Yesterday, the world lost a technical icon, an entrepreneurial mentor and a great human being in Steve Jobs. The news came a day after the Apple 4s announcement, and the same day as Oracle Open World. As a friend of mine said via her Facebook status, “Every single comment or status update in my stream is on Steve Jobs. RIP”.
However, Jobs’ death hit me at a personal level as well. The rare form of cancer he had suffered since 2003, pancreatic neuroendocrine cancer, was the same form of cancer that took my mother from me this March. I was filled with sadness last night, as not only the world had lost a great resource, but also as the pain and emptiness of losing my mom when she was only 52 came back in a large swell. Along with this too, as I did with the news last month of Jack Layton’s death, felt anger. Anger that in a time where so much can be done, that we haven’t come close to a cure for cancer.
I understand that many people put their own money into cancer research; the LiveStrong campaigns, or Think Pink are valid examples of this. But for true advancements to be made in the battle against cancer, it requires the government, our elected officials to make this a priority and fund the research required to battle this disease. As an example, Canada’s Federal government does make funding available to cancer research, to the amount of just less than $1 Billion Canadian. However, at the same time, our military budget is between $16 and $21 Billion. Is the military budget that much more important than trying to beat the number one killer of Canadians? In the US the numbers are even greater. On average for the years 2005 through 2010, the US government funded cancer research to $4.9 Billion per year. The military? $152 Billion dollars per year.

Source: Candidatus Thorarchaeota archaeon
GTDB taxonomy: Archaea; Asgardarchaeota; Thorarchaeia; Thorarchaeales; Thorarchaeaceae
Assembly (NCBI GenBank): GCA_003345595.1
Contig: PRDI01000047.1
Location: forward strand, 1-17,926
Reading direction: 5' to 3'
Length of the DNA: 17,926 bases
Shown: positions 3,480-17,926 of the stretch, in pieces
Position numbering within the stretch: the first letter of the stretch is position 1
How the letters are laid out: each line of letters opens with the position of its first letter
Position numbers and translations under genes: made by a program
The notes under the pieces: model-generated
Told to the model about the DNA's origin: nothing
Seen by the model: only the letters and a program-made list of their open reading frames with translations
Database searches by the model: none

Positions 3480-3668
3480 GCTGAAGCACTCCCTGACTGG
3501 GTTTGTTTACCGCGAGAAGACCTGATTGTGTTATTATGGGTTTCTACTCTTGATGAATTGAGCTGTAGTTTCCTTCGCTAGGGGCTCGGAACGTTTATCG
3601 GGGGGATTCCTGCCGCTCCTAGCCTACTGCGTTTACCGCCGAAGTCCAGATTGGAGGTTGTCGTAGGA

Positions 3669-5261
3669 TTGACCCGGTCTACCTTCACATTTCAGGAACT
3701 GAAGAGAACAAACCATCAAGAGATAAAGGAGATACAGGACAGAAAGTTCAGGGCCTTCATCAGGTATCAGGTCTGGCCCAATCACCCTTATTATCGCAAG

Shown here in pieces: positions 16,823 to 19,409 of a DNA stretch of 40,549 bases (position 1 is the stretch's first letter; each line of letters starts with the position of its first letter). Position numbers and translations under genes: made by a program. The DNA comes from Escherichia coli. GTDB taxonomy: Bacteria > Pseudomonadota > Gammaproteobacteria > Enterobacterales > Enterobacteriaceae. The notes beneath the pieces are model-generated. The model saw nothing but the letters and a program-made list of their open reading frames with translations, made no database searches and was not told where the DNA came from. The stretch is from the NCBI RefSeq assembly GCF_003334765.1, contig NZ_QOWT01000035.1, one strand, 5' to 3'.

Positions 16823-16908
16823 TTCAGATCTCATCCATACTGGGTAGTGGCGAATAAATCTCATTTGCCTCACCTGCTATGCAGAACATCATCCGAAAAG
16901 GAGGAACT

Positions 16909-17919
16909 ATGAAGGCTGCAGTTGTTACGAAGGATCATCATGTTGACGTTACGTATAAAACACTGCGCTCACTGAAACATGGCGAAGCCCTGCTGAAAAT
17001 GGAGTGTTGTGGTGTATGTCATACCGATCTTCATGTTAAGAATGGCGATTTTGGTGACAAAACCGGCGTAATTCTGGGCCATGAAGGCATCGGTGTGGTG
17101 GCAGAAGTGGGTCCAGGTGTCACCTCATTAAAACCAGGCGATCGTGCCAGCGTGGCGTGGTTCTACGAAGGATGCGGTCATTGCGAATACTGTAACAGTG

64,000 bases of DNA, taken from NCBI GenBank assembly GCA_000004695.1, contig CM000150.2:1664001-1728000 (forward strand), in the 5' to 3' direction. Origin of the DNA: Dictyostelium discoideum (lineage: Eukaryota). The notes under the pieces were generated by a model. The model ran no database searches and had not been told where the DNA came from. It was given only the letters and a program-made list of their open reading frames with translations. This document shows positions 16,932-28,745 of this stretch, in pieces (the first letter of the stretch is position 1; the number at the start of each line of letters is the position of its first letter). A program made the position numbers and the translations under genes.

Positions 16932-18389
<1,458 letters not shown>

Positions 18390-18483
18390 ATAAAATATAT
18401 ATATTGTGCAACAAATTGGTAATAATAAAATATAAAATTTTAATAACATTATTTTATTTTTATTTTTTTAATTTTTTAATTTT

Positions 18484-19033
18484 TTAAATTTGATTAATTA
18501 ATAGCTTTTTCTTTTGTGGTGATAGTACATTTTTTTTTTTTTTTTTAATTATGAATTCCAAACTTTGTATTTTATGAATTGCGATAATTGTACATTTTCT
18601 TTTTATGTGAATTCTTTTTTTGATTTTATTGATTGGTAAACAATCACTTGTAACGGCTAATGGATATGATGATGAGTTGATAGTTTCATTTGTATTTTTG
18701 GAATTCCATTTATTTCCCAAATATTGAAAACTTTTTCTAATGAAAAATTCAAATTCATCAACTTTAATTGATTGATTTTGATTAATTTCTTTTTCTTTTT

Three people who have changed the world I live in greatly have died from cancer this year. If there is a heaven, or hell, hopefully Mr. Jobs, Mr. Layton, and my Mum can meet up (Steve can help her play solitaire, Jack can talk to her about Toronto!). But the plain and simple fact is, I will never see my Mum again. Canada does not have Jack Layton anymore. And the world has lost Steve Job’s genius, charisma and power. And I say, enough.
If we truly want to rid ourselves of Cancer, it is up to our governments to step up to the plate. Funding for cancer research needs to increase so that cures can be found, and people can stop losing loved ones. It is as simple as that. We have set on wars to protect ourselves over the past ten years. I believe it’s time to look at the terrorist within. Cancer has terrorized our society long enough, killing more people than any other disease. And I will be writing my MPP, Minister of Health and Prime Minister to tell them so. All I ask is if you agree, do the same.
I leave you with a song that makes me think of all those I have lost, such as my Mum, and my hopes that if there is an afterlife as many of them believed, that they are enjoying their run.